Combustion Safety Tips We All Can Use!

August 10, 2010 at 1:37 am Leave a comment

The Durham Neighborhood Energy Retrofit Program is funding energy-saving retrofits on targeted houses in Durham, and one of the criteria for being accepted into the program is that the home must have no combustion appliances in the living (heated and cooled) space.  What does this mean and why is this a criterion?

A combustion appliance is any appliance that burns fuel to produce heat or energy.  Some of the commonly found combustion appliances in homes are gas stoves and ovens, gas dryers, gas water heaters, gas furnaces, gas logs, wall-mounted gas heaters, propane furnaces, heating oil furnaces, kerosene space heaters, wood stoves or fireplaces, and coal burning stoves.

These are all perfectly safe appliances when used correctly.  But there is a small chance that these can be used incorrectly or can malfunction, leading to release of combustion products such as soot, smoke, carbon monoxide (CO), and nitrogen dioxide (NO2) among others. Here is a good article on the subject by the experts at Advanced Energy in Raleigh.  Here is another good EPA fact sheet.

As our homes are tightened up to save energy, we need to be more careful about preventing situations where there is any danger.  The city retrofit program chose to retrofit only houses without combustion appliances so that the city would not have to worry about making sure appliances were properly installed and used.

There are things you can do to make sure you are protected from potential combustion safety issues:

  1. Make sure you have at least one CO detector in the hallway outside the bedrooms.  More is better—it is also recommended to have one near any indoor combustion source such as a gas stove or oven, gas dryer, gas furnace, or gas water heater.  If a CO alarm goes off—TRUST IT! Get out of the house and call 911.  You should then have a combustion analysis done on the house—the Building Performance Institute (BPI) certifies analysts in combustion safety testing.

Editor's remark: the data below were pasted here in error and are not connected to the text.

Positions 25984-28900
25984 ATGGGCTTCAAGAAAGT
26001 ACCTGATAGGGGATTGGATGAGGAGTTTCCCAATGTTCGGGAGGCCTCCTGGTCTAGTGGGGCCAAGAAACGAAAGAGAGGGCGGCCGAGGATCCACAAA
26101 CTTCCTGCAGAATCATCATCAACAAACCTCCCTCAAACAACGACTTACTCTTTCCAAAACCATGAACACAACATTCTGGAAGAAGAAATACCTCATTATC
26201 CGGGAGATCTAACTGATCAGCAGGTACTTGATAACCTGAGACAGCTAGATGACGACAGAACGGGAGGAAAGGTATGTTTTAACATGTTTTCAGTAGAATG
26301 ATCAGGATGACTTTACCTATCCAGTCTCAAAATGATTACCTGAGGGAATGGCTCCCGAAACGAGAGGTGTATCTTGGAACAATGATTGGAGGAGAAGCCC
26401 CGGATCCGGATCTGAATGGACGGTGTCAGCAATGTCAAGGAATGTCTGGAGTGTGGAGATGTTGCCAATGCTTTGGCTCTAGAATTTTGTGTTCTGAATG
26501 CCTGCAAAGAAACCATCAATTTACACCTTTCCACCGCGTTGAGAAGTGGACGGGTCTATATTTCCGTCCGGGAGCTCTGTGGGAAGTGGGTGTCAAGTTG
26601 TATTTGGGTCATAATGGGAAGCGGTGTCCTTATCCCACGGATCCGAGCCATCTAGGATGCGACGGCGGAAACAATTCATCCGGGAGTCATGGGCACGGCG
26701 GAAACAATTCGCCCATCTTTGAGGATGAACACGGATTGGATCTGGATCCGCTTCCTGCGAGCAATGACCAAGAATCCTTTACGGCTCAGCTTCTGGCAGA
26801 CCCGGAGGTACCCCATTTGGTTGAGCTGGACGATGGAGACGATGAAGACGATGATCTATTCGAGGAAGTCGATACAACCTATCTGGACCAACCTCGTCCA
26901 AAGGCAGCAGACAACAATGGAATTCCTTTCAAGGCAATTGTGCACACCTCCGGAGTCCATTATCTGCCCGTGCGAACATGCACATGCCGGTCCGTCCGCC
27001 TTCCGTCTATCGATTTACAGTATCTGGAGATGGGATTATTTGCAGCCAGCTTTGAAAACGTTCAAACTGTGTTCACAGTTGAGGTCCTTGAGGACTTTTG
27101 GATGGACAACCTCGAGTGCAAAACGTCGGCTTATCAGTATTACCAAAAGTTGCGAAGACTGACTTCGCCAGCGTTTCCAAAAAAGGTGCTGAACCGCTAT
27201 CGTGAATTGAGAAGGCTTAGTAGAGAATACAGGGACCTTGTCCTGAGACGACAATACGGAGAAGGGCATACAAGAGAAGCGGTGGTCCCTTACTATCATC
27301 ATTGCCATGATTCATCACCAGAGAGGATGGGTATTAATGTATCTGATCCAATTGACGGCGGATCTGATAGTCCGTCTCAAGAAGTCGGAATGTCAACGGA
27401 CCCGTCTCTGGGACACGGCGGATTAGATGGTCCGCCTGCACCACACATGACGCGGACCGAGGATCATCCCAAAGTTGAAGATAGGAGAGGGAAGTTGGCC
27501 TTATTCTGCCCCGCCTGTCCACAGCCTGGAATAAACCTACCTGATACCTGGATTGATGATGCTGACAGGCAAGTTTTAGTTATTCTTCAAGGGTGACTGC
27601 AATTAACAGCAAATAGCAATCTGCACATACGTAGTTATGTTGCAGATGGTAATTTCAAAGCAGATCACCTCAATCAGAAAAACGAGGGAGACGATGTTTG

2. NEVER use kerosene space heaters, ‘ventless’ space heaters, or ‘ventless’ gas logs indoors. They release combustion products directly into the home and can build up over time. (These are often used during power outages—but it is strongly recommend not to do this).
  3. When cooking for extended periods of time with a gas stove or oven, use a fume hood vented to the outside or crack a nearby window.  Note that many fume hoods do not vent to the outside but just blow air up and into the kitchen.  Never use a gas stove or oven to heat a home (sometimes done during power outages).  Never use a gas or charcoal grill to cook indoors.
  4. Use sealed combustion and direct venting/power-assisted venting combustion appliances—most feasible when replacing failing appliances.
  5. Have your furnace serviced annually to look for cracks or malfunctioning parts.
  6. Make sure fireplace flues are properly open when in operation and that the visible combustion products are drafting up chimney.  Remember to close the flue when done to prevent energy loss.

There is no reason to fear having combustion appliances in your home.  Just make sure you are aware of the potential issues and have taken some precautionary action.

Tom

Entry filed under: Neighborhood Energy Retrofit Program (NERP), Neighborhoods.

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